Are you prepared for this important milestone?
When people become eligible for Medicare, they may be bombarded with information about enrollment and/or the types of coverage that is available to them. Medicare recipients have a certain time-frame in which they must enroll in Medicare and select the right coverage to avoid excessive medical costs down the road, and sometimes severe fines and penalties. Missing a step in the process, or selecting the wrong coverage, can quickly drain your life’s savings. Use the info buttons to the right to learn more about Medicare coverage and the Medicare system, and to request a quote.
Medicare Open Enrollment
October 15th through December 7th
If you are already enrolled in a plan, you can change your Medicare Advantage or Part D Plan during this time.
Your Medicare Plan Options
We offer the following types of Medicare Coverage to replace or offset costs of Original Medicare Parts A & B (learn more below on the basics of Medicare).
Medicare Advantage Plans are offered by private carriers and replace your original Medicare Parts A and B, as they are rolled into one plan. You can select between an HMO or PPO, and most plans may cover more of your healthcare costs and have additional benefits, such as prescription drug coverage. Some may have dental or vision benefits. Premiums vary based on coverage, carrier and geographical location.
According Kaiser, note the average Medicare recipient has over 20 Medicare Advantage plans to choose from. Ultimately, The Best Plan is one from a Quality Carrier, Has No Or A Low Premium And Leaves You With The Least Or No Out Of Pocket Expenses.
Medicare Supplement Insurance policies complement your Original Medicare Parts A and B. They cover some, if not all, of the expenses that Part A and B do not cover, like co-pays, deductibles and other charges.
There are many different types of Medicare Supplement policies available, however they are regulated so the benefits for these various policies (known as Plan A through N), are all the same regardless of the carrier. However, premiums can vary greatly among carriers.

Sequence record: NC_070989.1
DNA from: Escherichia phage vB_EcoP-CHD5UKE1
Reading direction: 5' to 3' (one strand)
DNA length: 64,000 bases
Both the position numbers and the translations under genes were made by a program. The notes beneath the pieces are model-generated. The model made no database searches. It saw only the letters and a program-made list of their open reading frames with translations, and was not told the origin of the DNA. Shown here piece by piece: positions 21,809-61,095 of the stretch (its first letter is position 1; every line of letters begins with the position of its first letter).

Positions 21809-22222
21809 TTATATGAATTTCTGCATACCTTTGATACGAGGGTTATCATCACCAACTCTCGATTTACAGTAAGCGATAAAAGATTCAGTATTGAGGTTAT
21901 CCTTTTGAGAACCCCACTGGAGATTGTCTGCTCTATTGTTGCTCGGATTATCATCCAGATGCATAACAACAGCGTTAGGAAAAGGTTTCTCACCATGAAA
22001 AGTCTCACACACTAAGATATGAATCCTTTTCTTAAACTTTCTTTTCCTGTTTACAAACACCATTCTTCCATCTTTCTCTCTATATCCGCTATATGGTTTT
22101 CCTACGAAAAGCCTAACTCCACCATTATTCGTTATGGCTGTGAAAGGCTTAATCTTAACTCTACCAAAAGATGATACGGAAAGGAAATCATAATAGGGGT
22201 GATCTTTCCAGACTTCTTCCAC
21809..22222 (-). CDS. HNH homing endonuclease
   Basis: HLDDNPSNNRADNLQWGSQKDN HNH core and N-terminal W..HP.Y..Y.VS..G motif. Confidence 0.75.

Ultimately, The Best Supplement Plan Is One That Is Purchased From A Quality Carrier, Has A Low Premium And Leaves You With The Least Or No Out Of Pocket Expenses.
Prescription drug coverage offered by private carriers contract with Medicare. Because premiums vary greatly, you should carefully weigh your prescription costs against all variables of these plans. Selecting the wrong plan can wind up costing you thousands. Some Medicare Advantage plans may offer prescription coverage as well.
Please note that you should sign up for Part D (even if you do not have prescriptions) when you first turn 65, as waiting may result in a costly monthly penalty added to your premium.
Medicare Basics, the Different Parts of Medicare
Medicare is the federal health insurance program for people who are 65 or older. Medicare has 4 parts (not to be confused with plans). Each part of Medicare helps pay for different health care costs. Some parts of Medicare are FREE, some require an additional premium.
Medicare Part A covers inpatient hospital stays, care in a skilled nursing facility, hospice care, and some home health care. Most people get Part A for free.
Medicare Part B resembles what you may think of as traditional health insurance and covers certain doctors’ services, outpatient care, medical supplies, and preventive services. Most people will pay a standard Part B premium which varies depending on income.
C is Medicare Advantage, as mentioned above, and replaces Original Medicare Part A & B as an alternative option for Medicare coverage. Some people may pay an additional premium (in addition to their Part B premium) for Part C.
Medicare Part D, as mentioned above, is Prescription Drug coverage. Note that Part D is not offered under original Medicare A & B, you must enroll in a separate Part D plan to get these benefits. An additional premium is required for Part D.